Great news and maybe best if no one asks too many questions about how that process ended up throwing up this solution! First, we have a whole bunch of proposals, all of which get lukewarm reception. Then, suddenly, like a bolt from the blue, we have "simple closures". (I wonder if any of the existing proposals are called "complex closures". Isn't simplicity the whole purpose of closures in the first place?) OK, the closures will be simple in the sense that there will be no non-local return, no control statements, and no access to non-final variables. Still, how was that decision made?

Cay Horstmann, provides several use cases for this new BGGA proposal, which is very similar to the FCM proposal:

We don't really know what exactly Sun intends to do. I simply analyzed the BGGA 0.6a proposal, which is presumably what BGGA is today. There is no denying that it looks a lot like FCM. No non-local returns. # for lambda. Since you need to annotate a mutated variable with @Shared when you capture it, perhaps people would think twice before writing

    foreach(@Shared String v : values) 
   		funcs.add( #() => v);

As Alex Miller mentions, the extension of the JDK schedule might make it possible for other features to make it into the release, like the the ParallelArray library which provides a functional style API for mapping, filtering, reducing over an array of Java objects:

I talked to Bob Lee a bit at QCon and he thought it was possible that the extended timeline for JDK 7 may allow the ParallelArray work to come back in and make use of the new closure support.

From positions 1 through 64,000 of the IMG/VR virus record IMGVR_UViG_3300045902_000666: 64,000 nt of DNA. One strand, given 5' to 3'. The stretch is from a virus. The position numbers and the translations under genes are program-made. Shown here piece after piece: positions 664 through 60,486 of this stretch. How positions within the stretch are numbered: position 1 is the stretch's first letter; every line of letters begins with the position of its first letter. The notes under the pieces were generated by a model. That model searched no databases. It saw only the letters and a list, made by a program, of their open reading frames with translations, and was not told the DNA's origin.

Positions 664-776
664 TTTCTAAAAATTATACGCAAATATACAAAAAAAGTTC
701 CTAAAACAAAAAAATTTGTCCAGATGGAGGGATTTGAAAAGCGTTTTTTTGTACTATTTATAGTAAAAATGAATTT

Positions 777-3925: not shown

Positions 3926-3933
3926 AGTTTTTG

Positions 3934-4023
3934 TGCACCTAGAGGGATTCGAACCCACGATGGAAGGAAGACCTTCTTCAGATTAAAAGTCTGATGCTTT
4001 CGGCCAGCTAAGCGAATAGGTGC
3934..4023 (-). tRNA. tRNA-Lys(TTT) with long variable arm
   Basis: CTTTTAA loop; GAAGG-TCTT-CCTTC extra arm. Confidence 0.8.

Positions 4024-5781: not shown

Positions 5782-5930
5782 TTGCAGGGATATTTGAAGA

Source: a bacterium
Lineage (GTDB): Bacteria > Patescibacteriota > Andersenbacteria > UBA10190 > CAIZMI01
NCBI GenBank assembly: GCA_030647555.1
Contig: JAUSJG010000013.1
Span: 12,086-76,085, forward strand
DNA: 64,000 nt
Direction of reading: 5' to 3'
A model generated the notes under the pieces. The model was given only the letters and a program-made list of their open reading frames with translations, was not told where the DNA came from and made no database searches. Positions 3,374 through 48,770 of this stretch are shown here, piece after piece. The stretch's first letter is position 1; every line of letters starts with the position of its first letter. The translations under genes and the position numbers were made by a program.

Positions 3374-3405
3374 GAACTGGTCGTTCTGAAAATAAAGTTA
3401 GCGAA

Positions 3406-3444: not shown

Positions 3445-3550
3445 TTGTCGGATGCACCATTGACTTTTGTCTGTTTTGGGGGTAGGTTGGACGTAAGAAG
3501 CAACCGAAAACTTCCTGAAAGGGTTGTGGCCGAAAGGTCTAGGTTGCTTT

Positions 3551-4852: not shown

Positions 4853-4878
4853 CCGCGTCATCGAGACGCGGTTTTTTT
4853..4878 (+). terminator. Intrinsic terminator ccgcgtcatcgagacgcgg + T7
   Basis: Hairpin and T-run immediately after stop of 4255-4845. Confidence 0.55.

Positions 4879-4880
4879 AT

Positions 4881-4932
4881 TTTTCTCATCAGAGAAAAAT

You can find more information about Closures and JDK 7 right here on InfoQ!

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I am not that distributed by Alex Miller

I can personally attest that I did not actually attend the talk at Devoxx, as I am actually at QCon right now. I'm into distributed computing and all that but I am not myself yet distributed. :)

Alex

if they add some more features... by Robert Varga

... I wish they also added the final Exception - throws declaration improvement

Where the bile blog when you need it? by William H

I like Sun. Really I do. I might be in favour of adding closures to Java if they can find a formula that is less baroque then the original BGGA specification (and the new draft has already got rid of the distinction between "restricted" and "unrestricted" closures which is a good start). But what the hell is going on here?

As a decision making process for one of the most important bits of technology around today this is an absolute disgrace. How is Sun deciding what does and does not go into Java 7? More to the point why is Sun deciding what does and doesn't go in to Java 7. The whole process is ludicrously opaque. Gilad Bracha, Neal Gafter, James Gosling, and Peter von der Ahé were apparently all in favour of adding closures to Java 7 but there wasn't enough "community support" (whatever that means) to do it so Sun dropped the idea. So what has happened since? Did the wind change direction? Was fiery Mars suddenly in the more orderly sign of Capricorn? Has Josh Bloch suddenly said "actually, you know what, I think this a good idea" and everyone sighs a sigh of relief and says "OK lets get on with it".

The insane thing about all this is that Sun has a process, the JCP, which actually works pretty well. I know people like to bash the JCP, but, to misquote Winston Churchill, it’s the worst form of governance in the world accept for all those others that have been tried. For one thing needing to produce a spec, a reference implementation, and a test suite prevents the sorts of abuse that other standards bodies suffer(1), and yet when you know what you want to standardise things can get happen very quickly (as JSR-330 recently demonstrated). It has produced some amazingly good things (EE 6 for a start). But what? It isn’t good enough for Java 7 anymore since Java was open sourced? We can't use it because those nasty people at Apache might vote against the JSR and then where would be? We can't use it because Java is mine, mine do you hear and noone else can play with it (evil gloating laugh). We can't use it because we wanted to play with our toy one last time before Oracle buys us/we go under? What?